You should have 3 names when you're willing to do a blue/green deployment.
Two set of names, one for blue, one for green, which will works as is, and a production entrypoint which will point to either the blue name or green name.
The point of a blue/green deployment is to be able to test the full deploy before switching the clients entry point, so your ...
If you want a DNS lookup of one domain to resolve to another one, you have 2 options.
Modify the Container /etc/hosts file. By default any DNS lookup is done there. You schould do that in the Dockerfile.
Modify /etc/hosts in a Dockerfile
Maintain your own DNS servers with all mapping records. On container runtime just pass the DNS server.
ibuildthecloud9 gave me the right hint. Since the github issue doesn't describe how to midify the dns, I figured it out and want to document it here in case someone need to change it, too. It's stored in the configmap coredns as Corefile:
proxy . 18.104.22.168
You need to replace this by your dns server (192.168.0.19 in my case). It could be done manually using ...
There are two parts to owning a domain. The registration, and the hosting of the DNS entries. As you are transferring the domain registration, AWS needs to know whose service do you want to use for managing your DNS host names and other settings.
As a sensible default, select option (1) as this will keep everything managed with the current registrar / ...
There is a comprehensive document about k8s' DNS. According to this document one could validate whether the DNS is working by running:
- image: busybox
If you’re talking about using a Route 53 ALIAS record, you cannot set the TTL on it, for this reason. It defaults to a low value, and is managed by AWS for you (to the world it appears as an A record, and it will change often).
If you’re using a CNAME, then you can set whatever TTL you like. The TTL of the DNS record for the load balancer’s domain will be ...
No, Kubernetes will load-balance requests to a ClusterIP across all Pods with matching labels (and passing readiness checks). It won't keep traffic within the same Node.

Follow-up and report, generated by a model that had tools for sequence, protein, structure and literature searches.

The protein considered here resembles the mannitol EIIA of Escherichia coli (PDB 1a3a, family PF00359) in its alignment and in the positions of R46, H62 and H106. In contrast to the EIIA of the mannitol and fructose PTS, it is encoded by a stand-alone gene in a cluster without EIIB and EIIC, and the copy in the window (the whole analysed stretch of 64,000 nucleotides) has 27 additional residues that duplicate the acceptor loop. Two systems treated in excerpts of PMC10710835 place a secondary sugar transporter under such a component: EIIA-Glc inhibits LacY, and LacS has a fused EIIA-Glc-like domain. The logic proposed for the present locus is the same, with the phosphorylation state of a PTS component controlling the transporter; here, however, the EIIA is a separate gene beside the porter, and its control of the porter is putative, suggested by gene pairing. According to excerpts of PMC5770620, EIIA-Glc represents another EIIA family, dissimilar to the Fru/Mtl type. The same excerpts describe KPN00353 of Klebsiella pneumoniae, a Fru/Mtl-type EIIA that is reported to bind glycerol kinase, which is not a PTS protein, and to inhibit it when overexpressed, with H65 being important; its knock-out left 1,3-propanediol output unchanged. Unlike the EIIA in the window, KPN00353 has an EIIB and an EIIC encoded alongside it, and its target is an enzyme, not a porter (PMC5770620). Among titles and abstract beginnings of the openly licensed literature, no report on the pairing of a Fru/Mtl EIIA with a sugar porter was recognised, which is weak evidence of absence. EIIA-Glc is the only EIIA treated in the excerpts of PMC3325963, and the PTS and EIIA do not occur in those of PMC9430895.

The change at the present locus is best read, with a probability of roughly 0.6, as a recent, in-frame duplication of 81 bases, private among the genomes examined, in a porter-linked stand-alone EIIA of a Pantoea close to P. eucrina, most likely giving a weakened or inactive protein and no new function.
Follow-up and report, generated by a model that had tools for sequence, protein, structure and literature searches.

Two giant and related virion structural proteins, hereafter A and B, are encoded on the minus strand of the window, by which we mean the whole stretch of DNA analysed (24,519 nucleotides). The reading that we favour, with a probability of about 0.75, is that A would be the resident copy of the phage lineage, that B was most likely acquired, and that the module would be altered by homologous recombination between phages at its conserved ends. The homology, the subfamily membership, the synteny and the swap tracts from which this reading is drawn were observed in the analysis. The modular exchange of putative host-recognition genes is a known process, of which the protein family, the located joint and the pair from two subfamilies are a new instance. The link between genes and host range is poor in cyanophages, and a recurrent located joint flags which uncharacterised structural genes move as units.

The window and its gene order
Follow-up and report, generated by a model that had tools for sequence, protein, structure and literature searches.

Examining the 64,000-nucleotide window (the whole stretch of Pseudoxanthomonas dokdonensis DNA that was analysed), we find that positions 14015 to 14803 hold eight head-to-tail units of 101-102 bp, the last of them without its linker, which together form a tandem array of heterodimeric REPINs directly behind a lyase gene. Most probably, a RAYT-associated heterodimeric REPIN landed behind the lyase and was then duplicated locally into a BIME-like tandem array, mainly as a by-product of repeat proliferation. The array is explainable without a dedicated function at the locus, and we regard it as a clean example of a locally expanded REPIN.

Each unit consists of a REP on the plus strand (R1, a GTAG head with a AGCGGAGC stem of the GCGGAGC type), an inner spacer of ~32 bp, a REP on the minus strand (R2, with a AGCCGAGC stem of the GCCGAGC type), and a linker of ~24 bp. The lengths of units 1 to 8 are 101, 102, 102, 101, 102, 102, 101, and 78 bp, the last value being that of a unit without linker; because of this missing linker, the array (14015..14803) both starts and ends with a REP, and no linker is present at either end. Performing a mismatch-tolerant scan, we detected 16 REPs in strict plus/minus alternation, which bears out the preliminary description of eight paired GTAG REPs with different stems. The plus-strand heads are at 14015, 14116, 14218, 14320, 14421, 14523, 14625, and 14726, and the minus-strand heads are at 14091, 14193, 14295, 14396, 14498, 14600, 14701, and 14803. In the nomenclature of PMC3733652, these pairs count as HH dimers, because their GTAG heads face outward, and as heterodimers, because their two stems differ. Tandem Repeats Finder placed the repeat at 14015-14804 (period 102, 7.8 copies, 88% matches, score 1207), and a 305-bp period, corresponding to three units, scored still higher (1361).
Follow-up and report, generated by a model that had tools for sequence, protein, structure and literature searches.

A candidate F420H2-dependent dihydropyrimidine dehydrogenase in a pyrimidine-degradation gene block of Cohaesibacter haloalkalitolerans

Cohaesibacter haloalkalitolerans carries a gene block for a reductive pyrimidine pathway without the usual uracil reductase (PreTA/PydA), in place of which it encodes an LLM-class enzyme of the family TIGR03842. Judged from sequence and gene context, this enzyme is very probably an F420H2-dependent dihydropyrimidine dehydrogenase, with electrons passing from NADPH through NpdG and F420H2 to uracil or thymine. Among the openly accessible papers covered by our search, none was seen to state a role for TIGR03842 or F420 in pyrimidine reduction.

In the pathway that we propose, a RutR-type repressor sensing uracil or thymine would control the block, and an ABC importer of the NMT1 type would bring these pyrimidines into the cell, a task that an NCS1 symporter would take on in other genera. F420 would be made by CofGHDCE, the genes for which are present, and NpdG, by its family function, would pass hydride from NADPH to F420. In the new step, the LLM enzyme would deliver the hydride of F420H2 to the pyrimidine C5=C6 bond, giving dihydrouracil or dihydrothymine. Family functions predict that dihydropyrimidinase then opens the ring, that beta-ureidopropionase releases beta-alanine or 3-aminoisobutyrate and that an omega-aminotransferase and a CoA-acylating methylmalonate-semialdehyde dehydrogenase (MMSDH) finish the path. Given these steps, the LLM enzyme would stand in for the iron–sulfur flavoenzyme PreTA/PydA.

Q: So how does the NodeLocal DNS Cache achieve to keep DNS requests local to the Node?
A: When using the NodeLocal DNS Cache, it is necessary to pass a extra arg to the Kubelet of each ...
This looks to be answered on offcail docs here
NodeLocal DNSCache improves Cluster DNS performance by running a dns caching agent on cluster nodes as a DaemonSet.
With this architecture, Pods will reach out to the dns caching agent running on the same node, thereby avoiding iptables DNAT rules and connection tracking.
Having a local cache will help improve ...
Is it possible to query Amazon DNS server from our corporate network trough the VPN tunnel?
Directly? No. The recursive resolver available by default when you create a VPC can only be accessed by an IP address in that VPC. This is a restriction that Amazon imposes.
What you can do is create a forwarder using the Route 53 Resolver service or software like ...
People often use dnsmasq for this. You can wildcard sub-domains like this fairly easily for local testing using it.
Here's an example - https://qiita.com/bmj0114/items/9c24d863bcab1a634503 but there are plenty online.
The /etc/resolv.conf is injected as a bind mount in containers by the docker engine with settings local to that docker engine. An empty file in the parent filesystem is an artifact of that bind mount. You can safely ignore that.
If a_file is not being created, check that the file is not in a volume. Temporary (anonymous) volumes are created with the ...
Usually to access an external API you can just use its URL. But you can create a Service for it if you like, the type of service should be ExternalName as described in the documentation https://kubernetes.io/docs/concepts/services-networking/service/#publishing-services-service-types